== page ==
The organ is contemporary with the church and it is a large instrument even by today’s standards; it had to be considering that on completion, it was thought that the church could seat up to 1200 people. To reach the organ, we ascended a majestic, winding staircase to the West gallery which can easily accommodate a choir – in addition to the organ and blowing plant that it already contains.
Everyone had a play and explored some of the beautiful combinations and sonorities that the organ is capable of. Pieces by Mendelssohn, Bach and Boyce were heard by the many visitors to the church. The organ contains the earliest clarabella rank in existence – a stop invented and developed by James Chapman Bishop himself. Interestingly, there was a little picture of J.C.’s gravestone on the wall near the organ! We all marvelled at the width of the pipes in the pedal department – they almost rival the columns at the entrance to the church.
Of course, the most quirky aspect of the organ is the ability for another organist to play pedal notes on a small keyboard directly to the left of the main console. This feature is the only surviving example of its type in the UK and dates from a time when many British organs didn’t include a pedal department. Our host, St James’ organist Nick Herbert, told us that many of the early recitals featured three organists playing arrangements of Bach using this keyboard. SSLSO member William McVicker also gave us some fascinating background to the rapid developments (and experiments!) in organ building in the UK from the 1800’s to the 1840’s.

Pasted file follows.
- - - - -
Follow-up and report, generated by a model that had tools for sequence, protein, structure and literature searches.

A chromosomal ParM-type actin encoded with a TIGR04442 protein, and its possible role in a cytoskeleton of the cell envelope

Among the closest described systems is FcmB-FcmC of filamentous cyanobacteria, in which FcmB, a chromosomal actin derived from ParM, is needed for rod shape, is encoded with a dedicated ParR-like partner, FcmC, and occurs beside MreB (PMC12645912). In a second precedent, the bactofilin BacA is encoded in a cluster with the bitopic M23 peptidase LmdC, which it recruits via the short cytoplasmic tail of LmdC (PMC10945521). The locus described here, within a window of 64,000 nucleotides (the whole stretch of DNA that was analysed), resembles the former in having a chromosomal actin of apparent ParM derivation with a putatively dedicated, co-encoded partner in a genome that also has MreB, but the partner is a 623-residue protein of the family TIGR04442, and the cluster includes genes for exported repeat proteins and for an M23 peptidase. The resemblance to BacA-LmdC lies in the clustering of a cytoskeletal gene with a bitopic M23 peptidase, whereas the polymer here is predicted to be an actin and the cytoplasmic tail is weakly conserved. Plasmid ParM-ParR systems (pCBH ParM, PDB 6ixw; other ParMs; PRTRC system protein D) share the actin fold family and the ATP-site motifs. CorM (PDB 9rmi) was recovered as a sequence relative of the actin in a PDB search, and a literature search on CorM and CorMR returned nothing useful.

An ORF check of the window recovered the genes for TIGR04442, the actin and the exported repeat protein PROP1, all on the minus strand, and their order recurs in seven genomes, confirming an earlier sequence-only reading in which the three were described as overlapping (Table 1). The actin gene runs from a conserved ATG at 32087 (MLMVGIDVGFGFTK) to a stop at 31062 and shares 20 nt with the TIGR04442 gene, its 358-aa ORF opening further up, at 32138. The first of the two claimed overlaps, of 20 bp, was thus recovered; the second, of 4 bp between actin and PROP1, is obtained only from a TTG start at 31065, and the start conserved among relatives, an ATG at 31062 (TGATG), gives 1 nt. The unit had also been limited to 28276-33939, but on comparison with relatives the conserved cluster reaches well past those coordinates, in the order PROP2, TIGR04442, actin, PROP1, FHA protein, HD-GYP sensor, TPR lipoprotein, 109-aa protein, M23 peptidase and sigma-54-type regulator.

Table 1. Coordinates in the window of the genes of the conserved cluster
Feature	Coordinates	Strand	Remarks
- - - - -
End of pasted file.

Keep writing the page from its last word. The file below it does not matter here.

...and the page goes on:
Despite similarities to its earlier cousin, the organ at St Giles’ is a very different instrument – having been designed by one Samuel Sebastian Wesley. S.S.W. had been the organist at the medieval church of St Giles’ before its destruction by fire in 1841. Wesley was by all accounts very happy during his time in Camberwell and was pleased to be asked back by the rebuilding committee to design a new organ, constructed by Bishop, ready for the new church’s consecration in 1844.
Ashley Valentine is the organist at St Giles’ and he gave some background about how Wesley came to be involved in the development of this large organ. He also told the story about the infamous concluding voluntary at the church’s consecration. Wesley was so taken with his creation that his voluntary turned into a recital – to the annoyance of the diocesan Bishop eager to retire to the vicarage for high tea – and the three organ blowers were paid to stop providing air so that Wesley’s improvisation came to a rather abrupt and bad-tempered end.
After another round of organ pieces, including the music of W. T. Best and S.S.W. himself, our own tea was served and another enjoyable organ trip was concluded.
Here are some photos of the visit to StGiles
|Andrew Chadney||The Nave of St James||Samzu Agbaje|